March 16, 2006
One day a few years ago, during a late spring legal writing class, we were going over some finer points of wordsmithing, as my students worked on drafting strong point headings for appellate briefs. "Do you have any other tips like that?" a student asked. (I can't remember what "that" original tip was, only the question that followed it.) The first thing that popped into my mind was the sloppy use of "get" in legal writing.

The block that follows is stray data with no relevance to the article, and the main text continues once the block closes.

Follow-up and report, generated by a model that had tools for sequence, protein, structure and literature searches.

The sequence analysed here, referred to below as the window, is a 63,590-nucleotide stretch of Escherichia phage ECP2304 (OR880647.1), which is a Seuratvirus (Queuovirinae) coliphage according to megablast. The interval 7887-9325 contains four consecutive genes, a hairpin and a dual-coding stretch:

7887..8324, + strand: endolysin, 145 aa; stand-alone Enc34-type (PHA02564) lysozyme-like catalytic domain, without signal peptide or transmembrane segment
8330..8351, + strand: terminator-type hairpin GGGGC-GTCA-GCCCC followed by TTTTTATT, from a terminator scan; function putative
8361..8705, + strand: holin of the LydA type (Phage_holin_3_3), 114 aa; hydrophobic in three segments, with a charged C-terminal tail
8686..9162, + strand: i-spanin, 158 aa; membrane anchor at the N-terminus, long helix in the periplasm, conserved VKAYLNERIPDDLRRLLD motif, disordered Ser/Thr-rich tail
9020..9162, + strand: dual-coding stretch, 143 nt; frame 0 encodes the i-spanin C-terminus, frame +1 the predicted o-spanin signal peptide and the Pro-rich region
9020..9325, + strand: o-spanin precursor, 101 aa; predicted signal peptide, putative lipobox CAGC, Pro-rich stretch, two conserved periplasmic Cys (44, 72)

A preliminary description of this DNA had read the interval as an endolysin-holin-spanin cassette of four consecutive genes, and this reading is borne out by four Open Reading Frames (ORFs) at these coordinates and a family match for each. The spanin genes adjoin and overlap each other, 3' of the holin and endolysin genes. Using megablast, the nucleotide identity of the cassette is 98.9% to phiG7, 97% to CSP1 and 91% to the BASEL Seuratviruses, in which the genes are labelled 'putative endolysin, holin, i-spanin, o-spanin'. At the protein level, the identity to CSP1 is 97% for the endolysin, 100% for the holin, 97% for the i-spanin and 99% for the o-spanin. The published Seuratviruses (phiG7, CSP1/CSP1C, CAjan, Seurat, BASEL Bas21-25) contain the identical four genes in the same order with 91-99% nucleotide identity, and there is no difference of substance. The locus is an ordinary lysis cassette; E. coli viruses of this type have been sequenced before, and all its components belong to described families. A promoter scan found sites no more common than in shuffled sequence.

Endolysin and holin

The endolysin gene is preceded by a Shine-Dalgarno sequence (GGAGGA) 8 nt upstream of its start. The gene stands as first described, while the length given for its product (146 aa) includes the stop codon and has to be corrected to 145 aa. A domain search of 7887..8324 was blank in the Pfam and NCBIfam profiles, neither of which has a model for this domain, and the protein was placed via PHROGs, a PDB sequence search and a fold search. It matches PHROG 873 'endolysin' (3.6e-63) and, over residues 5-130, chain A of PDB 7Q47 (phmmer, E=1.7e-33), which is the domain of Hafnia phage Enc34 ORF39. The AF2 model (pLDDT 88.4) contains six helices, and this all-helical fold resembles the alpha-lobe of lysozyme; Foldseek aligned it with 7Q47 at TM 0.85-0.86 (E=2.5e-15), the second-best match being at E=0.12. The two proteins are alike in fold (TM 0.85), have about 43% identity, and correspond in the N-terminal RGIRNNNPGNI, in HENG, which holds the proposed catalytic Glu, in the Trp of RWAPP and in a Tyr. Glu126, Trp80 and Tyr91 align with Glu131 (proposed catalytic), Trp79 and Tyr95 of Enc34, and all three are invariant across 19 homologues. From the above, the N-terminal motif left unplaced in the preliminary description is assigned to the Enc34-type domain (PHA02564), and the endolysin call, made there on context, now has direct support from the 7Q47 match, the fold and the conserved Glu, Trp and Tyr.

In colloquial American English, there are so many ways to use the simple verb "get." We:
"get the groceries"
"get the joke"
"get along with so-and-so"
"just barely get by"
"get a shot in the arm"
"get out of town"
And so on and so on. While some colloquial uses are too informal for legal writing, most are simply too imprecise.
It was clear from the look on my students' faces that they just had never thought much about this word before, but once it was explained, they did, indeed, get it. (spl)
March 16, 2006 | Permalink
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